Cash would allow people to escape from the one thing that could save their larcenous currency system: negative interest rates.
To make this clear, I like to paraphrase a famous (and good) quote from Alan Greenspan, back from 1966, during his Ayn Randian days: The financial policy of the welfare state requires that there be no way for the owners of wealth to protect themselves.
That was a true statement, and with a slight modification, it succinctly explains the new war on cash:
The preservation of an insolvent currency system requires that the owners of currency have no way to protect it.
Cash is currency that you hold in your own hands, that stands more or less alone. It is primarily external to bank control. Electronic money – bank balances, credit, etc. – remains inside the banking system and fully subject to bank control.
A combination of no cash and negative interest rates would be a quiet, permanent version of what was done in Cyprus, where the government simply shut down everything, allowed only the smallest deductions via ATMs, and then stole money from thousands of bank accounts at once.
The Cypriot spectacle was fairly large, however, and that tends to undermine the legitimacy of rulership. So, it is much better to have no ATMs and no cash at all. There would be no lines of angry people talking to each other, only isolated losers with no recourse, licking their wounds while the talking heads on television tell them to stay calm and watch the flashing images.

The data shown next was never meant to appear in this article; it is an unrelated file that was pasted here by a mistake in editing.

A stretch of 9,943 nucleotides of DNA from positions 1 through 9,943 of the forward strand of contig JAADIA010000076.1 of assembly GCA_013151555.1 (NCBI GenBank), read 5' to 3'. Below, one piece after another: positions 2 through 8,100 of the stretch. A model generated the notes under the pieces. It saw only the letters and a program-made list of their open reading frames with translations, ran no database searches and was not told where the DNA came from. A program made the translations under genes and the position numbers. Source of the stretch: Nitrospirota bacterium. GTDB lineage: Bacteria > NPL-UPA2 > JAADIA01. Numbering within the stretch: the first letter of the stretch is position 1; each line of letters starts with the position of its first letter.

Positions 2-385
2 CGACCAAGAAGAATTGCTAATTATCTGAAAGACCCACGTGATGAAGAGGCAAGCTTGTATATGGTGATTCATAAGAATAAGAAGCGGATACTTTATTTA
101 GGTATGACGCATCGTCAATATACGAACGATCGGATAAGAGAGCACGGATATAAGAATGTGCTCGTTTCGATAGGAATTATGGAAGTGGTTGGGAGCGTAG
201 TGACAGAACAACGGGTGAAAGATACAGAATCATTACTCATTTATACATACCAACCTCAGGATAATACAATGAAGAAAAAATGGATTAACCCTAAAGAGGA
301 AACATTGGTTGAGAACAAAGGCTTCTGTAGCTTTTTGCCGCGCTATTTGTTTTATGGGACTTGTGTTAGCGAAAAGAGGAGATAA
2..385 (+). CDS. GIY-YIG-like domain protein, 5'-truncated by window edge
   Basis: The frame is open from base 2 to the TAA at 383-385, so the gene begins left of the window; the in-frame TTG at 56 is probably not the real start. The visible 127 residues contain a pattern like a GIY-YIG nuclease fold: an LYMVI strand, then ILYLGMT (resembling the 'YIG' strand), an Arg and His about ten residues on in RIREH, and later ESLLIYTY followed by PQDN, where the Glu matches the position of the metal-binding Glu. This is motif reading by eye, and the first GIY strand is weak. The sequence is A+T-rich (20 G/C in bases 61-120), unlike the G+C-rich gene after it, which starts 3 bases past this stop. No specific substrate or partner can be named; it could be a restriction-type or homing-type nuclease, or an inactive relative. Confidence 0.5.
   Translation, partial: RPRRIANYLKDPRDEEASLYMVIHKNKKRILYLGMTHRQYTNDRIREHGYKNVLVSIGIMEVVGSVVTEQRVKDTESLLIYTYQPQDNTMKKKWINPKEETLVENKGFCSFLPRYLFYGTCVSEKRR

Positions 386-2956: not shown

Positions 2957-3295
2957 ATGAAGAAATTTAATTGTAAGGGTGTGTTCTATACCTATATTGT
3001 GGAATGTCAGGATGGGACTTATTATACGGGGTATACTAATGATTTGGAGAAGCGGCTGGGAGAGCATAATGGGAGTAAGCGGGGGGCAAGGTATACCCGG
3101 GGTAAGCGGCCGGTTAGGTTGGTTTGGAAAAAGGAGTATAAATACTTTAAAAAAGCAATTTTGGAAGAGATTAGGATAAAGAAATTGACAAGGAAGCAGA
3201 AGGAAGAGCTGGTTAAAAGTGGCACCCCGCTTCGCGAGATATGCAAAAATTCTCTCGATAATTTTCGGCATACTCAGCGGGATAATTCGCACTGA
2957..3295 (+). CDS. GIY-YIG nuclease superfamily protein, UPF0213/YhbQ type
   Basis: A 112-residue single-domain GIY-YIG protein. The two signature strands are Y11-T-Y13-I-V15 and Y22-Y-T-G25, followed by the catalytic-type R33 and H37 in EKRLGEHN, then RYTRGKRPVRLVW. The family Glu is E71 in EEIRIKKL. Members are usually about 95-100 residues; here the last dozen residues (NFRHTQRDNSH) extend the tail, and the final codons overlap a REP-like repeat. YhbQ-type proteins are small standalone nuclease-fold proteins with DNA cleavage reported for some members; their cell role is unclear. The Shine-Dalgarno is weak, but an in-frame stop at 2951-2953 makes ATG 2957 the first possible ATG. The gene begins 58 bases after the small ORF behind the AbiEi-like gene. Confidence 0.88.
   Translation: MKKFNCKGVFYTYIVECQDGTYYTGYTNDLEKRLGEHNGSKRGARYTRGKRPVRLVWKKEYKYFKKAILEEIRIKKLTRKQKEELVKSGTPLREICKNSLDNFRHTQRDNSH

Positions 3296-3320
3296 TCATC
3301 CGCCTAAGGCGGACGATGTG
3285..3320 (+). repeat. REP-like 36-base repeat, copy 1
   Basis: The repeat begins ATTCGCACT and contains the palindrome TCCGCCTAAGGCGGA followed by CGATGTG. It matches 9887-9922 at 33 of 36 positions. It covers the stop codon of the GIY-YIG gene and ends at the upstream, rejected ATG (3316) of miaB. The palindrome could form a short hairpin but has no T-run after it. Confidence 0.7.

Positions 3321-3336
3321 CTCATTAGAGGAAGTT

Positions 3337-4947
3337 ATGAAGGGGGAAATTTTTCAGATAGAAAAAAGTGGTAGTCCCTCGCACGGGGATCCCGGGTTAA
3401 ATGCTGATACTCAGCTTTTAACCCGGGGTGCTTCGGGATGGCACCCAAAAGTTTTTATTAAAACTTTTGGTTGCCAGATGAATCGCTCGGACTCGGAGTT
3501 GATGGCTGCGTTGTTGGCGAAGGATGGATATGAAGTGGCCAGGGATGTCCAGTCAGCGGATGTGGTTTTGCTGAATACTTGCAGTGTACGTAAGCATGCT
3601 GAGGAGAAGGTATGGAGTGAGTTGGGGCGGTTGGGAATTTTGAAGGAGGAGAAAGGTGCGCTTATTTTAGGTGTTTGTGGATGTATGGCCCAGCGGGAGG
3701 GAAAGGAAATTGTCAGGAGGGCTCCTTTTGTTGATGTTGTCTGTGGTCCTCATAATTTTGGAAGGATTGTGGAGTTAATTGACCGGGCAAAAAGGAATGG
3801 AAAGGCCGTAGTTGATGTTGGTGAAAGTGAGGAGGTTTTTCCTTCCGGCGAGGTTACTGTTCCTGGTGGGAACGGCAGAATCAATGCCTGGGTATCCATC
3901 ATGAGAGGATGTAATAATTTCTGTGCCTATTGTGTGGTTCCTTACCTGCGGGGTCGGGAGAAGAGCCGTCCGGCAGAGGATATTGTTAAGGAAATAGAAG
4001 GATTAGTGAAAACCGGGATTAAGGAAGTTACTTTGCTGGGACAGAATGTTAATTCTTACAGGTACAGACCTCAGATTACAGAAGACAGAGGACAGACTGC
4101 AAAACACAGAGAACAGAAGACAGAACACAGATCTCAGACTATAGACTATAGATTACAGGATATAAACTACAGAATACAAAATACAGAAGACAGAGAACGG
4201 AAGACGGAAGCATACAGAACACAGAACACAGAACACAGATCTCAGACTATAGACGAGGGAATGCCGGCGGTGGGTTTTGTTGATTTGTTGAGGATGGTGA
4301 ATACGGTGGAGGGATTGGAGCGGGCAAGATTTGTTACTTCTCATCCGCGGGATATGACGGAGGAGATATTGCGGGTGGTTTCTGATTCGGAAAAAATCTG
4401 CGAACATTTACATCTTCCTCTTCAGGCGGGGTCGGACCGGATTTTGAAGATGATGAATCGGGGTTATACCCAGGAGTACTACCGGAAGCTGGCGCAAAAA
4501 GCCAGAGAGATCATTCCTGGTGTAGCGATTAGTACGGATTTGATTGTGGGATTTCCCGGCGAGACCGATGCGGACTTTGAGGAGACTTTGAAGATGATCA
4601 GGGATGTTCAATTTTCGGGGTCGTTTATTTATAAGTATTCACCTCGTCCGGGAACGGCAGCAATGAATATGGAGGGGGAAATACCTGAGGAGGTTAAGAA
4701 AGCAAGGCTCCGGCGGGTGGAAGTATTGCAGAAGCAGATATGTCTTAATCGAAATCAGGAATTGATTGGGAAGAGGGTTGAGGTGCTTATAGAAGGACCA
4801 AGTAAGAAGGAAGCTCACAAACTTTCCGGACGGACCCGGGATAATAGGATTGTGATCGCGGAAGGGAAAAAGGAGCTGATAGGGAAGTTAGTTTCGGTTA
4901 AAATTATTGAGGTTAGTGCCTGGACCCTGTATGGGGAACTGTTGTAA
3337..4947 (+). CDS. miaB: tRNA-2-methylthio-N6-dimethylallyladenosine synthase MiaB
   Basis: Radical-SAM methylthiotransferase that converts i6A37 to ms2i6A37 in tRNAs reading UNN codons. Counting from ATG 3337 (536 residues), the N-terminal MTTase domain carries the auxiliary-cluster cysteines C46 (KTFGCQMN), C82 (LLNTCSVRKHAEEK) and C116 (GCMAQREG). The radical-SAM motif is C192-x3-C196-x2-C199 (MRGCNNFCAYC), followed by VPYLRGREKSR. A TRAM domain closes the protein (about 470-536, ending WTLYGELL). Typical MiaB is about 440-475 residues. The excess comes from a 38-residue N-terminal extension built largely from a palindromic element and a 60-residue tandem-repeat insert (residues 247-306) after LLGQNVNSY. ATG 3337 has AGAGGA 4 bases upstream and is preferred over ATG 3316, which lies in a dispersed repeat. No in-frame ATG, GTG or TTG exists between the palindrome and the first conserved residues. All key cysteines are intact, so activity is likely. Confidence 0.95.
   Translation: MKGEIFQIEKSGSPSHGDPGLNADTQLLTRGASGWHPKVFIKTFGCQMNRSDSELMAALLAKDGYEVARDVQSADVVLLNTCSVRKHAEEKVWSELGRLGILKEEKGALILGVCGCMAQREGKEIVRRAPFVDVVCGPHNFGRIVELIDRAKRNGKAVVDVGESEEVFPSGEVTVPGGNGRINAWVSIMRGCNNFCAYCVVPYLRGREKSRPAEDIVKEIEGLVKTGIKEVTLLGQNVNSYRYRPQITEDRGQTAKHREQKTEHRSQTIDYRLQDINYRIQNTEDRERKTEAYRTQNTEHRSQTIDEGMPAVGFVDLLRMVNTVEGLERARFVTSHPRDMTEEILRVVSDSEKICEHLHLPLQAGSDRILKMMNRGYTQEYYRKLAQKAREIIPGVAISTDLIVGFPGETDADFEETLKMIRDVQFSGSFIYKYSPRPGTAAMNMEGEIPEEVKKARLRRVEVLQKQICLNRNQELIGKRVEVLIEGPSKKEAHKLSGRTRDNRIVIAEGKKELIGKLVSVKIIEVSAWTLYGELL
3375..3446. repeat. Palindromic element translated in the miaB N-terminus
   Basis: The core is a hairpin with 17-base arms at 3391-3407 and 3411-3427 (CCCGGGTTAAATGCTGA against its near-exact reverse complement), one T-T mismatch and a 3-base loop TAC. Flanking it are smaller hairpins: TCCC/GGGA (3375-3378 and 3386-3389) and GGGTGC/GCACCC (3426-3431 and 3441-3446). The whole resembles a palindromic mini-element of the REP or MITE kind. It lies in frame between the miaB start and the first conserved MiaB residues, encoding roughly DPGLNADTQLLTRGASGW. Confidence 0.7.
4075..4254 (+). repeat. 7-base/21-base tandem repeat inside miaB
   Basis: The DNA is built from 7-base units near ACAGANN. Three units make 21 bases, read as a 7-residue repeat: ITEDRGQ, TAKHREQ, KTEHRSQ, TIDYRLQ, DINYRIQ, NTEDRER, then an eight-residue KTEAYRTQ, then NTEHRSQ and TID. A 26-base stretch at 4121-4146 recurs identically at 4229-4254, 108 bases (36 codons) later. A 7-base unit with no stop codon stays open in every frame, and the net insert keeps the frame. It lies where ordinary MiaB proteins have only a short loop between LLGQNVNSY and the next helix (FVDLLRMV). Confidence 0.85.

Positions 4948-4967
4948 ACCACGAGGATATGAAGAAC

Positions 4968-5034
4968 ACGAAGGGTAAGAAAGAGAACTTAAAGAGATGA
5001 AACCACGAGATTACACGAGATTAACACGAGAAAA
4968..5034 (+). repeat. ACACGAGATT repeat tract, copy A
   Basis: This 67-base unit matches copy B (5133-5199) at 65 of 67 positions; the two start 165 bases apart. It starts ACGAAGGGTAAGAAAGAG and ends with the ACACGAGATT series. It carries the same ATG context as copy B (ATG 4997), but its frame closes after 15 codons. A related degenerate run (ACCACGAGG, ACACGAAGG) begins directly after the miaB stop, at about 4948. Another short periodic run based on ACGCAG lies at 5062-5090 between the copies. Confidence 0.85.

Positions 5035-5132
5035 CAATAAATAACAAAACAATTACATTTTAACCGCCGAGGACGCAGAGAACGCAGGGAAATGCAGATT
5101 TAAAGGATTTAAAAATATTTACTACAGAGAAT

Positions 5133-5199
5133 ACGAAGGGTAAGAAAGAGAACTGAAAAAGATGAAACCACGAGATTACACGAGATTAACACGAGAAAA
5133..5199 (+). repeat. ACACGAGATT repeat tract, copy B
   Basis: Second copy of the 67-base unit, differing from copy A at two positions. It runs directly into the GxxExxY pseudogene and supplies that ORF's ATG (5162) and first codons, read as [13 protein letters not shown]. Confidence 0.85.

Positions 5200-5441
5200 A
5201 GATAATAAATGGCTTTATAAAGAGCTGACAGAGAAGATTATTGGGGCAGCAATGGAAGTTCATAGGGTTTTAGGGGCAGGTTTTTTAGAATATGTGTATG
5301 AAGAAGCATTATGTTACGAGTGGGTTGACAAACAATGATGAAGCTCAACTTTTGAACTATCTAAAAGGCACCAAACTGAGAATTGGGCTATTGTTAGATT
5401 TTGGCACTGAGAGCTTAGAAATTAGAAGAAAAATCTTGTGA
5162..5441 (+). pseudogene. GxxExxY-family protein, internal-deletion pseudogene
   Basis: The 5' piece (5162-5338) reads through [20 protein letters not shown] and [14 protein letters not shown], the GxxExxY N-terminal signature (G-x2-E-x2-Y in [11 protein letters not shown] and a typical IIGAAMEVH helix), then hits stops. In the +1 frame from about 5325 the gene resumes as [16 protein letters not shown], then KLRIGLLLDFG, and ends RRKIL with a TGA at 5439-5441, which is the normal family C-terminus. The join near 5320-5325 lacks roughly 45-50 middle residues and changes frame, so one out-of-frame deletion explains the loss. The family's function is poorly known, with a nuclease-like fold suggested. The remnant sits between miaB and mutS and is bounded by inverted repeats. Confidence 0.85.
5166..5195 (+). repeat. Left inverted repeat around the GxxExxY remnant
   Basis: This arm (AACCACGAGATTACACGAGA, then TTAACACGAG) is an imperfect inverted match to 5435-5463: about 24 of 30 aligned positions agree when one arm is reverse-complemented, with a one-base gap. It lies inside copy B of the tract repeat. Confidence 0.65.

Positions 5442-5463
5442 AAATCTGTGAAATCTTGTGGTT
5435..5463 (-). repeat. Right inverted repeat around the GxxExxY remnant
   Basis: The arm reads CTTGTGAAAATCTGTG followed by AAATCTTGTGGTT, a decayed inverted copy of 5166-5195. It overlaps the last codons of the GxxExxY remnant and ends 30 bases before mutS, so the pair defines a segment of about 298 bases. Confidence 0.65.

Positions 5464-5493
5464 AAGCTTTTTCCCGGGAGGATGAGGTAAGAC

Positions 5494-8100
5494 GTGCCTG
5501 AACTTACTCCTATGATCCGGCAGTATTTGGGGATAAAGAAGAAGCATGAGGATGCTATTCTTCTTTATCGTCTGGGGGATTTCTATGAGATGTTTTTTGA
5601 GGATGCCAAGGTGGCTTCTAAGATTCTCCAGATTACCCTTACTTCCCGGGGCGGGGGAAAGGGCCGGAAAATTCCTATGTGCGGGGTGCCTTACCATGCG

Negative interest rates would give the banks 100% control over your purchases. They could, even in the worst pinch, allow you to purchase food while freezing the rest of your money. The average person would have no recourse and would simply be robbed… but very smoothly and with no human face to blame on.
Negative interest rates mean that your bank account shrinks day by day, automatically. Your $1000 in January becomes $950 by December. And where does that money go? To the banks, of course, and to the government. They syphon your money away, drip by drip, and there’s nothing you can do about it. This accomplishes several things for them at once:
It finances government, limitlessly and automatically. Forget tax filings; they can just take as they please.
It pays off the bad debt of the big banks. (And there are oceans of debt.)
It forces you to spend everything you’ve got, as soon as you get it. (Otherwise it will shrink.)